So for a moment (well, more like an hour or so) pretend like you have all the cash and credit you'll ever need.  Grab a warm cup of something, sit down and enjoy!  You can visit all my treasuries by clicking on this one (you'll see the link to my other ones). And you'll see that I do indeed have a serious treasury addiction!

She Used to be Snow White But Then She Drifted..

Sunday, October 24, 2010

Grandma was right! The Needless Death of the Thank You Note.

Before I begin let me say I realize blogging is a commitment, one that requires attention if not daily, at least weekly.  Fall is always a challenging time for me, but then again, when is my life not crazy?  So I promise to do my best to carve space out of each week to add a retro girl thought or two.

Growing up in the Deep South my siblings and I were expected to adopt the general courtesy synonymous with Southern Hospitality, to the point of taking paid lessons in etiquette-not kidding.  Within a week after opening a gift a thank you note was to be written and mailed off.  This of course was in addition to the "thank you" we had already said to the giver, either in person or over the phone.

I don't know what happened to the Thank You note, I guess it fell alongside written letters in general, though I think it died first.  I love sending and receiving mail.  And though my friends might find it tedious that I write them a little note for each gift and almost every time we get together, I want people to know their effort is appreciated.  In this crazy, busy world, it can be nothing short of a miracle for two people to schedule time to spend with one another.  And Heaven forbid if that time together involves making arrangements!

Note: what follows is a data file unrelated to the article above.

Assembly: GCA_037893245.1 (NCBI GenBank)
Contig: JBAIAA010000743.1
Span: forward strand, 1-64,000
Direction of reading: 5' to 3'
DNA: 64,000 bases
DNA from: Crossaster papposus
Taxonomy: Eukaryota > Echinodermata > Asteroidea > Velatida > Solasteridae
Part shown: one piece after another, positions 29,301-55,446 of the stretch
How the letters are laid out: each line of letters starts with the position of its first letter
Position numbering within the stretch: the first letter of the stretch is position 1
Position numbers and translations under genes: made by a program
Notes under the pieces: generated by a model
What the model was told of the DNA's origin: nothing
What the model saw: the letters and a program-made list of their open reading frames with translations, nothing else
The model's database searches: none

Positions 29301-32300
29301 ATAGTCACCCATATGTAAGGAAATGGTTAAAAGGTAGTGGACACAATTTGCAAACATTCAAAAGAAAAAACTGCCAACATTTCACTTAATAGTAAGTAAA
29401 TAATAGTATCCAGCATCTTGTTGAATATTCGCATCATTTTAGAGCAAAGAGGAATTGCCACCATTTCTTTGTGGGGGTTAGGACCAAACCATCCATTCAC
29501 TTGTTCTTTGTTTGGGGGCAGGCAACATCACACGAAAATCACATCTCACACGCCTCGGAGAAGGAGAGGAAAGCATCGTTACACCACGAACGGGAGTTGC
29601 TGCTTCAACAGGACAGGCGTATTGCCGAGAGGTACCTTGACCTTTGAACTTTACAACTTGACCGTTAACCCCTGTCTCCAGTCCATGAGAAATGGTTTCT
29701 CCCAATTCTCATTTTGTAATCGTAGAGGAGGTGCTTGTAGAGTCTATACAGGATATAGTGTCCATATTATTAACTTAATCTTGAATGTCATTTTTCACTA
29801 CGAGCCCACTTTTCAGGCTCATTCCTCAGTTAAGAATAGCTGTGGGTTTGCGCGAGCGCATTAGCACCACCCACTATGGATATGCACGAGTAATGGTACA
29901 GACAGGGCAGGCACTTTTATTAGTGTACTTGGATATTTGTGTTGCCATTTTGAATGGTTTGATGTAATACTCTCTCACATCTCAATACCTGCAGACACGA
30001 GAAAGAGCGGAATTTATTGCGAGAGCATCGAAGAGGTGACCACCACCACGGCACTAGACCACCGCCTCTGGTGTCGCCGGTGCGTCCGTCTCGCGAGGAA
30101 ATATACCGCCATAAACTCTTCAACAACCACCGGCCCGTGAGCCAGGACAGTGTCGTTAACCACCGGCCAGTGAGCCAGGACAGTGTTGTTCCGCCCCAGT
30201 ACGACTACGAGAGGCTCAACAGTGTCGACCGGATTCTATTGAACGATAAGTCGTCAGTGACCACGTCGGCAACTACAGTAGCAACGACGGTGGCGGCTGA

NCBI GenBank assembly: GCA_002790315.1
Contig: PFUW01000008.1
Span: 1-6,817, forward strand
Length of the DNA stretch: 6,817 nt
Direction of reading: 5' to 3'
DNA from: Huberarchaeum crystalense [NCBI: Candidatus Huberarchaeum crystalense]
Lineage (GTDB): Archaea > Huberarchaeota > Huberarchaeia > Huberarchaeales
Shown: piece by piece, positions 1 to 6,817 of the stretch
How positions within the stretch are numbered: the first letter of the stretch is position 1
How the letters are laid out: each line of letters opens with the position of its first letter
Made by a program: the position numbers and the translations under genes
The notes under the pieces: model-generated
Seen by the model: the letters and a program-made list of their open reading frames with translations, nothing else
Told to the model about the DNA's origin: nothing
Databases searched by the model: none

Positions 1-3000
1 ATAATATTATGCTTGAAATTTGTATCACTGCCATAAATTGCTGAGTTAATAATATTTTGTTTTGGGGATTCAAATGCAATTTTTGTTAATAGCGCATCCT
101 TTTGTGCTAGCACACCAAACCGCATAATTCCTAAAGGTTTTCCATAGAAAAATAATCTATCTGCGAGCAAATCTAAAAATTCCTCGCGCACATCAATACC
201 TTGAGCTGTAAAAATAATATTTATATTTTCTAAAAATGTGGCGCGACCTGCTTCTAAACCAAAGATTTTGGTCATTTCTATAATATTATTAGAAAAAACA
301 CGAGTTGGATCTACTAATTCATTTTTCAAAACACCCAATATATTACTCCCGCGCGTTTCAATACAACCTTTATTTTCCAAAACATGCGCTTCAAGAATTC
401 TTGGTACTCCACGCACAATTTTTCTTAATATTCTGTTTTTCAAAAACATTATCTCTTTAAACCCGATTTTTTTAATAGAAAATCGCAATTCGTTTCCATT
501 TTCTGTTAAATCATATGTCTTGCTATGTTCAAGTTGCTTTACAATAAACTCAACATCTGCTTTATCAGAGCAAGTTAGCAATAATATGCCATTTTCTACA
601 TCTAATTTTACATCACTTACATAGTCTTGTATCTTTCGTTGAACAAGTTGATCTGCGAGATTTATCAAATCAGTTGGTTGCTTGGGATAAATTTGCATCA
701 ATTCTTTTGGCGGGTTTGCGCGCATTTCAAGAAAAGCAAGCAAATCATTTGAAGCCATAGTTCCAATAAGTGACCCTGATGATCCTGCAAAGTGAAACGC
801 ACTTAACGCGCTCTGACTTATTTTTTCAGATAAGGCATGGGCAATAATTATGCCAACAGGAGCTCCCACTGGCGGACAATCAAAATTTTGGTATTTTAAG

The same goes with my clients.  I want them to know how much I appreciate them supporting my artistic endeavors. Whenever possible I find out their mailing address so I can send them a Thank You note. I regularly order cards with my artwork on them so when clients receive a note, they are essentially receiving a piece of free artwork, not to mention a visual reminder of what I'm all about.  This can be especially effective if someone purchased your work at an art event or festival.  More than likely they bought several items from several craftspeople and it may be difficult after the fact to remember who was who.

Thank You notes are a kind and easy way to convey your gratitude while endearing yourself to a customer.  As a result of my effort, clients return again and again to add to their collection.  I recently sent a thank you to a couple who purchased a large, mixed media work of mine.  They hadn't given me their contact information, but had written a check for the piece, so I used the address off of the check.  As a result I received an email, thanking me for my note, and asking if they could either purchase three smaller paintings or commission me to create work for holiday gifts for their relatives.  Not only do I have additional sales because of my note, I also have their email address and can now keep them in the loop regarding my upcoming art events.